top of page
  • Writer's pictureDavid Gaudet

Undoing Uncertainty

We’re told that uncertainty is the enemy. The market hates uncertainty and yet as investor/philanthropist George Soros contends, ”money is made by discounting the obvious and betting on the unexpected” (Soros, 2021) I don’t think it would be a stretch to suggest that humanity has not gone through a period of uncertainty quite like it has in the past 20 months. However one of the upsides of this is that we have had to become friends with uncertainty.

I live in the province of Alberta, Canada, by some measures, the worst jurisdiction in the world in terms of Covid 19 case counts per capita and pandemic management. As I write this in late September 2021, my employer, the Southern Alberta Institute of Technology has dutifully attempted to follow the yo-yo pattern of regulations set out by the Government of Alberta, with regards to Covid 19 response. Which is to say…a pattern of uncertainty.

But while faculty, such as myself, has been grumbling about the uncertainty of it all, guess who seems totally comfortable with it? Students. Yes those students. The same Gen Z’s, the snowflakes we have ridiculed since they began gracing our classrooms over the past 10 years. Those whose resilience we questioned, whose creativity we doubted and who’s character we called into question, When I shared the news over a virtual class, that we would be returning to in-person classes after only 2 days online, I could feel the enthusiasm through the screens which separated us. By contrast, earlier in the day, as a participant in a virtual town hall hosted by my department’s dean, the tone struck there was one of dread, doom and fear. I should know. I was a vocal participant.

I am neither ashamed nor proud of the position I took in voicing my concerns over what I still believe is a somewhat premature about-face to face-to-face. I thought we would have given ourselves a little more time to consider some of the implications of making vaccination verification mandatory for entry on to campus. I’m still not entirely certain that I will not be given a QR code reader to scan phone screens of students as they enter my classroom. But I have to say I am buoyed by the majority of students I’ve encountered who have adopted a "damn the torpedoes" attitude, when it comes to the uncertainty of the situation. Just when we had them pegged as dispassionate, unengaged, iPhone-gazing “kids these days”, they have demonstrated a character trait to which we should all aspire. Uncertainty is the reality. Uncertainty is the norm. Run with it, or be paralyzed by it.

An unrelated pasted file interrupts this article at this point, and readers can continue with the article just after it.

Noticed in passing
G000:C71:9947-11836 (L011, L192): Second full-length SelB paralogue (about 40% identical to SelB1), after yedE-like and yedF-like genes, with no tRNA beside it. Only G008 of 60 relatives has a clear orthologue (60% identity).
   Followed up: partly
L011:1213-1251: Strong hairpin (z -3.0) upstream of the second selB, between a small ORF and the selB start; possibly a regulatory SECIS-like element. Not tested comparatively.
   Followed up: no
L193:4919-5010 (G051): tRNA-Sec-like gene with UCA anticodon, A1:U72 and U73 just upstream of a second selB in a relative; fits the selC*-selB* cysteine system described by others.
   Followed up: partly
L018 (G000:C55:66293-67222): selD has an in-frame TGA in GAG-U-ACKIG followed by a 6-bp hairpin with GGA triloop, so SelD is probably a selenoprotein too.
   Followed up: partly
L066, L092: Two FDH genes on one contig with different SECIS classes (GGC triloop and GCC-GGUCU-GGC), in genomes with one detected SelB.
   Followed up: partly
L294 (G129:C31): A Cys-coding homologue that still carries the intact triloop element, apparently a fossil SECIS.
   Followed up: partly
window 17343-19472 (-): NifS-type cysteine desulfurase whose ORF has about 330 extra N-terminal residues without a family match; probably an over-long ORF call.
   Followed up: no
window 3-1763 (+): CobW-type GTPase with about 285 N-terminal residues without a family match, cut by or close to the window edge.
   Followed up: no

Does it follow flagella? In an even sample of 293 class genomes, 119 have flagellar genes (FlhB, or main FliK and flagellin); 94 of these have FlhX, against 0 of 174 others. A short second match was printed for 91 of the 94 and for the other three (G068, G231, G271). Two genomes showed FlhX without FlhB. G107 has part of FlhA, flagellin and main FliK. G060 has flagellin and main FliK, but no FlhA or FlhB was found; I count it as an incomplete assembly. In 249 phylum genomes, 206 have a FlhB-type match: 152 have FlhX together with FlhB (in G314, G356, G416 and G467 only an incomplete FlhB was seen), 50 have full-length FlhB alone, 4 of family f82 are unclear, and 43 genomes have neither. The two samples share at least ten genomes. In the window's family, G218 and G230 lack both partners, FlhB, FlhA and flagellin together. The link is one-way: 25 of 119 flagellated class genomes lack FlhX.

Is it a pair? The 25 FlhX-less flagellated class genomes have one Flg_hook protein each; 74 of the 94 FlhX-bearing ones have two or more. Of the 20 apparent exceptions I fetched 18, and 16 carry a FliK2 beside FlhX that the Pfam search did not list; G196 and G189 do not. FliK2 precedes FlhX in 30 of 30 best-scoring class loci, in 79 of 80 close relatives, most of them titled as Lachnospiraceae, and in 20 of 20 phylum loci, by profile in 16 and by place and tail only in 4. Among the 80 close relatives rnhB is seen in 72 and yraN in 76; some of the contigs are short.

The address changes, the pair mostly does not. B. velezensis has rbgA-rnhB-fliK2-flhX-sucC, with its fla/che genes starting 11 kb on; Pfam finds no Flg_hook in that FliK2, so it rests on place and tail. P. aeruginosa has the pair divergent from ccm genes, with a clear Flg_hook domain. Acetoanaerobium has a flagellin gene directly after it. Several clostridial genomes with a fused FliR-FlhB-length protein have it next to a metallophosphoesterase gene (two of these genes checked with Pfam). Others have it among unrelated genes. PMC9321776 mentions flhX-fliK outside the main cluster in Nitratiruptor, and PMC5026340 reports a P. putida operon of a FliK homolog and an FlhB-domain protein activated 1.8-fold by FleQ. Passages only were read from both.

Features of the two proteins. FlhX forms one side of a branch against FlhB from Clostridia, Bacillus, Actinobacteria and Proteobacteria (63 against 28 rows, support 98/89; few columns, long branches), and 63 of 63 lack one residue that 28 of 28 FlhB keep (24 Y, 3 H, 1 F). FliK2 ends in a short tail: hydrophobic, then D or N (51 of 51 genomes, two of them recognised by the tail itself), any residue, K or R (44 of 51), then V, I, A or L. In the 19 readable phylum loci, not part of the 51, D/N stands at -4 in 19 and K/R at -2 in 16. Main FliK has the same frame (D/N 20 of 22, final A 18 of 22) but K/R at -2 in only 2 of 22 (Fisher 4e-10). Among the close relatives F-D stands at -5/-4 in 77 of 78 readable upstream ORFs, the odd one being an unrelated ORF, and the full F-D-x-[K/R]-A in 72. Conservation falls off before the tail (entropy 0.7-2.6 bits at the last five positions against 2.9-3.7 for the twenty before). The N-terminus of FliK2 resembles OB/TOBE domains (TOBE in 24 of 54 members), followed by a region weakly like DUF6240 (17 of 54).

I’ll close with an excerpt from a threaded conversation between myself and a SAIT student on Linkedin. She had posted about the sacrifice she had made to uproot her family from the Phillipines to study at SAIT, and had shared her unbridled joy at the opportunity to learn in person on our magnificent campus. The day after her post, SAIT announced it would be closing in compliance with our government’s mandate. Following the shut-down directive I wrote a response to her post, celebrating her initiative, resilience and character, and encouraging her to keep the faith. This was her response to my comment.

"I understand that the health and safety of the community is paramount, so I can just be thankful to have experienced attending classes on campus for the past two weeks. It may not be clear which direction we will take moving forward due to the unpredictable provincial guidelines but I know that we will all remain hopeful that we can all safely go back to campus again."

The student’s name is Grace, fittingly enough. Talk about living your brand.

Character is what I call the “power of choice” competency among the 8 pillar competencies I evangelize in my book, “The Daily Undoing: Being Better at Being Human”. It is neither a skill, nor an attitude. It is both, along with a lifetime’s accumulation of knowledge. We all have character. How do we choose to use it? If you’re like me, and find yourself from time to time, humbled by the character of someone younger than yourself, you are forgiven. Keep practicing. Here’s one of my favorite activities to practice character from the book.

Best Wishes at Being Better



Soros, G. (2021, September 18). Brainy Quote. Retrieved from Brainy Quote:



bottom of page